Surprisingly Positive News Emerges in EU Economic, Credit Studies

A pair of studies released this week found potential early signs of recovery in a beleaguered European Union that has been long-waiting for optimism.

A European Central Bank (ECB) study on bank-based credit lending found conditions may be easing. The Euro Area Bank Lending Survey for the second quarter noted the net percentage of banks tightening credit standards on businesses seeking loans did not grow over the last three months. ECB analysts noted that was a surprise. Additionally, banks’ perceptions of the risk of lending to EU-based companies have stabilized. even if at historical escalated levels.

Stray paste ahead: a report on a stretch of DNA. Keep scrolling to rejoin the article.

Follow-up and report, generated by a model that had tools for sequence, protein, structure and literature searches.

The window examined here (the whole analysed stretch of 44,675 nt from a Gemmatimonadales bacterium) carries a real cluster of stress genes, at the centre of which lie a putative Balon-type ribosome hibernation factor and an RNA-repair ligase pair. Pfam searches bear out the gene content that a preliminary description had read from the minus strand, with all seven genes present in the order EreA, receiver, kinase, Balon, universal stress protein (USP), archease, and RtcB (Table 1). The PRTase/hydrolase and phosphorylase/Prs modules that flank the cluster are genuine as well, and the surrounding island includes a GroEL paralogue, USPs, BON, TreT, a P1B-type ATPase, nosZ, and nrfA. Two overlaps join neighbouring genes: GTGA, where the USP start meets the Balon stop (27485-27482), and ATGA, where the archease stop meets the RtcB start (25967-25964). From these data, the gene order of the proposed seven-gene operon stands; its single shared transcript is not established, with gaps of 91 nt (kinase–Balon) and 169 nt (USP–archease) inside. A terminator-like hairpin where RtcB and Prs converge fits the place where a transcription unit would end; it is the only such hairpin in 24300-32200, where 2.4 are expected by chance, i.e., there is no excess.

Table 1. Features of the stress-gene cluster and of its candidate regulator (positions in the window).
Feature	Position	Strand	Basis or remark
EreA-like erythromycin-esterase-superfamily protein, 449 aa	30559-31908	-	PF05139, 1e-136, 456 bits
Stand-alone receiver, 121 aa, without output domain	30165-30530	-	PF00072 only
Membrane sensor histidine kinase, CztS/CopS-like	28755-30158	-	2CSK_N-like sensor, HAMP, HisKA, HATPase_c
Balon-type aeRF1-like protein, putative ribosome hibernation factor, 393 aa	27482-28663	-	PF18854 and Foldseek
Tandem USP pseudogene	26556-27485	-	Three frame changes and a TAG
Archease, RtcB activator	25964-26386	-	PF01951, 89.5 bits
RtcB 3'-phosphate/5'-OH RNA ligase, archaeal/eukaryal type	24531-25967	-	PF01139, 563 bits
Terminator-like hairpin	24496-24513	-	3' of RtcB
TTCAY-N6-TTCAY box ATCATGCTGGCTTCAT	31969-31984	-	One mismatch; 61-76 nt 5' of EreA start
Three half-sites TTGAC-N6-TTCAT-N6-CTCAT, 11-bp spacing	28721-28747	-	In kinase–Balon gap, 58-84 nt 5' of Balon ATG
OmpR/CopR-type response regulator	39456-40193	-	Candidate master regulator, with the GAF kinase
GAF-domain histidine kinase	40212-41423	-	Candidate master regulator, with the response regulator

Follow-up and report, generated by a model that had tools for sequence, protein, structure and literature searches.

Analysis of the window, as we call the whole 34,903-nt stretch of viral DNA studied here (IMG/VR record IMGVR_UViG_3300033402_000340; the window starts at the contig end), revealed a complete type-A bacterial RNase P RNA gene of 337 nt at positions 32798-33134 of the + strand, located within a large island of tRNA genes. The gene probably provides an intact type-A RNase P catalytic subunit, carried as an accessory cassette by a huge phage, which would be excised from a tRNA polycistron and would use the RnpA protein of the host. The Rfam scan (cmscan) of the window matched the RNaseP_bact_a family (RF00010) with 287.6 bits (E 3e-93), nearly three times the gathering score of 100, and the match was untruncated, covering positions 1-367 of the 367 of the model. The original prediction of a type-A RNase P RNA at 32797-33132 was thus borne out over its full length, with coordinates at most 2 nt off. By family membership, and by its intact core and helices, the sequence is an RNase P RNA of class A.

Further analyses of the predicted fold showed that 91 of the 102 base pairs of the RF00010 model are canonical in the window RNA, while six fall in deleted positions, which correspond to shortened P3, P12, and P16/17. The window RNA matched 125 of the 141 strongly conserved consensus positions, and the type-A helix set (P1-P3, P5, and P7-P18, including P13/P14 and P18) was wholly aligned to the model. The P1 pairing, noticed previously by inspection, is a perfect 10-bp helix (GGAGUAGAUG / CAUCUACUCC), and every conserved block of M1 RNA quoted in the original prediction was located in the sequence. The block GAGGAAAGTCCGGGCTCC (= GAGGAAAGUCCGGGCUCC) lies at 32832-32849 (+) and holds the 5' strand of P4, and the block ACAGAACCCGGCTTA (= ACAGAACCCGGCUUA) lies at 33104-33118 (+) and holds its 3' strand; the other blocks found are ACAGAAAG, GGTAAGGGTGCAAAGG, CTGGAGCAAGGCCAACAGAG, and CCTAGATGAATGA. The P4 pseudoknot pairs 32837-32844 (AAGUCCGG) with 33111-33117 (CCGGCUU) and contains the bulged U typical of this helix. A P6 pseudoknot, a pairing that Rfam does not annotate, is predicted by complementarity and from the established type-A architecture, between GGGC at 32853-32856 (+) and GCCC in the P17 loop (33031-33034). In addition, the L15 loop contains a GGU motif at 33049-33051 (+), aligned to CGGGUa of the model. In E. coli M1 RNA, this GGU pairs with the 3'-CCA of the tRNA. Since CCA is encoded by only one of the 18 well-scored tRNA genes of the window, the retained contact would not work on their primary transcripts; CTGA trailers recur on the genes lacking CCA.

Meanwhile, a survey by Markit, a global financial information services firm, found EU member nations at their collective best, from the standpoint of manufacturers, in 18 months. The Markit Flash Eurozone Purchasing Managers’ Index (PMI) reached 50.4 in July, up from 48.7 from June. Many market analysts characterized that as unexpected. Within the statistics, manufacturers reported the largest monthly increase since June 2011. Two of the best manufacturing rebounds were noted in Germany and France. Markit Chief Economist Chris Williamson called the overall reading “encouraging."

Markit also published PMI results for the United States this week that show a four-month high on the quickened pace of manufacturing sector growth.

- Brian Shappell, CBA, CICP, NACM staff writer
Note: See the extended version of this story in this week's edition of NACM eNews, available late Thursday afternoon (EST) at in the "Resources" section.

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